Attorney Wright Mitchell, former president of the Buckhead Heritage Society, is not a member of the cityhood group but understands residents’ worries. He said people are concerned about trips to the grocery store or the gas station.
“I think what you’re seeing is a microcosm of the great frustration that Buckhead residents and Atlanta residents are having with rampant crime and lawlessness, the feeling that the powers that be aren’t doing anything about it,” Mitchell said. “Anyone who suggests that this (the lawlessness) is not a clear and present danger to the vitality of Buckhead is kidding themselves.”
Atlanta Police Zone 2, which is roughly Buckhead, had a 31% increase in aggravated assaults in 2020 versus the previous year and a 32% bump in auto thefts. In comparison, aggravated assaults were up 15% citywide and car thefts up 4%.
But everything is relative. Atlanta had a horrific year in murders in 2020 — 157, up from 99 the previous year. There were nine homicides in Zone 2. That means the other five zones shared 148. I’ve talked with the people in Zones 3 and 4, which saw half of last year’s murders. They want something done, too.
Nancy Bliwise, a Buckhead resident who heads Neighborhood Planning Unit B, is not in favor of creating a new city but senses the communal dissatisfaction is more intense this time around.
“This feels different; it feels more urgent,” she said. “The people leading the conversation have done more work. We’re in the realm of possibility, rather than it being just a wish. There are elements in place that make it more of a possibility.”
All of those who know how the game is played think it’s a steep climb to Buckhead cityhood. I talked with Buckhead’s two councilmen, Howard Shook and J.P. Matzigkeit, as well as state Sen. Jen Jordan and state Rep. Betsy Holland, both Democrats who represent the area.
Credit: HYOSUB SHIN / AJC
Credit: HYOSUB SHIN / AJC
Shook, who last month blasted the mayor for a lack of leadership in addressing crime, is doubtful of cityhood happening, telling me, “People smarter than me need to show me the roadmap to success on this. I’ve not seen it. Talk about threading a lot of needles in a hurricane.”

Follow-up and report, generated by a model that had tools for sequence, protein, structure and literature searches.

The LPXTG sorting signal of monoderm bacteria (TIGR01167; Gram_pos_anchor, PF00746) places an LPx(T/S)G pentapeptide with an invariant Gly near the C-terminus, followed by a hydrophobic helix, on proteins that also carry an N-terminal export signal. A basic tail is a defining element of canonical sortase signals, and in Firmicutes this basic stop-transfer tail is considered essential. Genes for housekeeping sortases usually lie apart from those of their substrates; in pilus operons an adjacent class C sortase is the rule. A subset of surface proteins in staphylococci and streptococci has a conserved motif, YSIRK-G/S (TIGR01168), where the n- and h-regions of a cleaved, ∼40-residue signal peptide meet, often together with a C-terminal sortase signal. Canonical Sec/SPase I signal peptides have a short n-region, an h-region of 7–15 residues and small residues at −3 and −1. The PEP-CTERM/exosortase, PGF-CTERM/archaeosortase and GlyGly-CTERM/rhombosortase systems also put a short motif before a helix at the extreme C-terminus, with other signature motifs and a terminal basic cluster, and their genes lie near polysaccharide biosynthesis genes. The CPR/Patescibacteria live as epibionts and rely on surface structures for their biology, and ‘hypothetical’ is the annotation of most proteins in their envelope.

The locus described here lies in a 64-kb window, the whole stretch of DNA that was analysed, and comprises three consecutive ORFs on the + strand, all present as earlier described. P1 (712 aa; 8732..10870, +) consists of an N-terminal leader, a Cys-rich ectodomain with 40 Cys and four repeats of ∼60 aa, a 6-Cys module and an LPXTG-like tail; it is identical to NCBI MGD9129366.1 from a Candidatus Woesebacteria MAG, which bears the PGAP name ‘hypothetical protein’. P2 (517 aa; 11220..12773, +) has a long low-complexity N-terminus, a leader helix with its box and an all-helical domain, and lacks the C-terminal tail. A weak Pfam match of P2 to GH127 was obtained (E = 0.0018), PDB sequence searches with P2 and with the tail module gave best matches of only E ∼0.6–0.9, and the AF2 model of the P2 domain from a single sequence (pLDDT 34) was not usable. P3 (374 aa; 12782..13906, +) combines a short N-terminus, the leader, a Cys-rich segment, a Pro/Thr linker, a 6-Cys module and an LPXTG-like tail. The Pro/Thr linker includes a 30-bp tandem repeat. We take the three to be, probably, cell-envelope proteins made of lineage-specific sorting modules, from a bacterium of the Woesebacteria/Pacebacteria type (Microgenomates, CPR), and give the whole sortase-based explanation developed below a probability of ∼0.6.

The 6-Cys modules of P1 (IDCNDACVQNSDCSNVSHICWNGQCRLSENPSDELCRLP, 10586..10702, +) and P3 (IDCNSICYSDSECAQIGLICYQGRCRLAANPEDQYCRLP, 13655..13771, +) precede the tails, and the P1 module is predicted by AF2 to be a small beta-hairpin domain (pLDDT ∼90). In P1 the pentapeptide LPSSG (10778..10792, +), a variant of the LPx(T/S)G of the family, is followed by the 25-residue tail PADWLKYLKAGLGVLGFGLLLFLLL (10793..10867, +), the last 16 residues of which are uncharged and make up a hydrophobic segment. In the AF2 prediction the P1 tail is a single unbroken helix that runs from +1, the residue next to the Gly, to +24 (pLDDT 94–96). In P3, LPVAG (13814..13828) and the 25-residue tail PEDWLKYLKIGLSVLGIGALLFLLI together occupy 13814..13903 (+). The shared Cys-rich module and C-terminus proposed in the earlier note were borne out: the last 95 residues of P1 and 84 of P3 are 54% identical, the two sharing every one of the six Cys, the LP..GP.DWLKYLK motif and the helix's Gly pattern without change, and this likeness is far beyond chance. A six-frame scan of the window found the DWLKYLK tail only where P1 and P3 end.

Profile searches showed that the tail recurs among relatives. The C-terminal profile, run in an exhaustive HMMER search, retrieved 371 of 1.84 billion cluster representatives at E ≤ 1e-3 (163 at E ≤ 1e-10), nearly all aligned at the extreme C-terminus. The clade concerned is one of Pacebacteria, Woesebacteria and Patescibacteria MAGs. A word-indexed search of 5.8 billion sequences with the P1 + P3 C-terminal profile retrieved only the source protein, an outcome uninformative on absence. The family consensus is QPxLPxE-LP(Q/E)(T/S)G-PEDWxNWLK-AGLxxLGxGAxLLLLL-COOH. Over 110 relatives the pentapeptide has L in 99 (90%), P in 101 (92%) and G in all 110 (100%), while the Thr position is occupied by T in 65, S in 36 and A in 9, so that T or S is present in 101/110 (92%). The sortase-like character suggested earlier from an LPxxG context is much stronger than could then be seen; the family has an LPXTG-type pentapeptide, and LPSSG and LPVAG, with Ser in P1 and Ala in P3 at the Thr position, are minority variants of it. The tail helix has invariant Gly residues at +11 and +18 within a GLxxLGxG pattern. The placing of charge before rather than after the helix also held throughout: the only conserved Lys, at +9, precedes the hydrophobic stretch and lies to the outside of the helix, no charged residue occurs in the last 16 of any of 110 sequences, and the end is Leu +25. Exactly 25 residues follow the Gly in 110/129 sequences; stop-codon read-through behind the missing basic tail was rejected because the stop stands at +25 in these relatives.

Shook, who is approaching 20 years on the council, added, “Sectional friction is at a level unsurpassed since I came in.”
Imagine how it’ll get if this effort gains momentum.
(By the way, my first thought upon hearing about the cityhood movement was that this was an effort to get Mary Norwood, who twice lost bids to be mayor of Atlanta, a mayoral job somewhere … anywhere. Norwood, who now heads the Buckhead Council of Neighborhoods, representing 44 communities, insists she has no opinion on the matter.)
Rep. Holland noted that something like this usually would have to be generated by local legislators, and none of those who represent Atlanta, all Democrats, will have anything to do with this. Still, Republicans have been working to take the airport from Atlanta against the wishes of locals and they certainly could follow that path on this, she said.
Sen. Jordan thinks this will not happen because the nasty battle over Eagles Landing “left scars on both sides.”
“I think this is pie-in-the-sky; this is the city of Atlanta,” she said. “There are so many political lines and economic considerations. There’s pensions; there are legacy costs. This is incredibly complicated stuff. Big business would be like, ‘What are you doing?!?’”
Add to that the racial component, she said, “and this is bad on all levels.”
A bad idea that should be smothered before it creeps out of the nest.